Monmouth College was a participant in the fifth annual EducationUSA Forum in Washington, D.C., June 23-25. Bren Tooley, associate dean of academic affairs and director of international initiatives and recruitment, represented Monmouth at the event, which she said focused on international education as educational diplomacy.
Sponsored by the U.S. Department of State and its Bureau of Educational and Cultural Affairs, the EducationUSA Forum brought together 550 university representatives and 60 EducationUSA regional educational experts and advisers from around the world. They discussed strategies for helping international students to study in the U.S., as well as promoting U.S. study abroad.
“Monmouth College is developing wonderful relationships with EducationUSA advisers and other international education colleagues around the world as we develop our international initiatives and welcome international students to campus,” said Tooley. “Our faculty’s delight in international students and the enriching perspectives, talents and intellectual engagement they bring, and the fact that students flourish here on our beautiful campus, is becoming increasingly well known. Monmouth has achieved significant recognition in a short time.”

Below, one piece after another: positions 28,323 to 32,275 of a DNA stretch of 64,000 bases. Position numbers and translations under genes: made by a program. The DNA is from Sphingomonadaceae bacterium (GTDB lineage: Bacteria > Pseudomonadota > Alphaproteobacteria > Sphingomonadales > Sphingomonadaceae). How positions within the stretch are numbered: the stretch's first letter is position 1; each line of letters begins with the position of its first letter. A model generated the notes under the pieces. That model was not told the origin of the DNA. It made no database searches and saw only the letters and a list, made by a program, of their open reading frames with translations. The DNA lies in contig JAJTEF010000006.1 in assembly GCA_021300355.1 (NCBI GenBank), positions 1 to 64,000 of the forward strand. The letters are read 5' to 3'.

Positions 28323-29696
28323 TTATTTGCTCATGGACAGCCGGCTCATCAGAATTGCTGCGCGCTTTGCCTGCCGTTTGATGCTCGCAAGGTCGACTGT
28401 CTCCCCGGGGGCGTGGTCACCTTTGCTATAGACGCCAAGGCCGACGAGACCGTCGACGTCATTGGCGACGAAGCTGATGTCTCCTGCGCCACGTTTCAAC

The annual forum carries forward the best elements of U.S. culture to the world, she said, fostering friendships and academic connections, and strengthening economic and security relationships between the U.S. and its sister countries around the world. This year’s event offered practical information and strategies to help U.S. campuses. Workshop sessions, presented by international education experts, U.S. higher education representatives and government officials, presented unique and valuable information on recruiting international students and supporting diversity in international education.
“The forum also enables young people to experience one of the very best and most distinctive aspects of the U.S. – our rich diversity of student-focused, academically rigorous colleges and universities, and particularly liberal arts colleges,” said Tooley. “Colleges such as Monmouth are a uniquely American invention, offering the best undergraduate education available for thoughtful, engaged young people.”
Additionally, she noted, colleges and universities play an important role in strengthening ties between the U.S. and countries around the world. By having international students on U.S. campuses, relationships are built between people and communities around the world that solve global challenges. An international education prepares students for a globalized 21st century workforce, and international students have a positive economic impact on the U.S.
EducationUSA is the U.S. Department of State-supported network of hundreds of advising centers around the world. Each year, EducationUSA advisers provide millions of international students with accurate, comprehensive, and current information about how to apply to U.S. colleges and universities.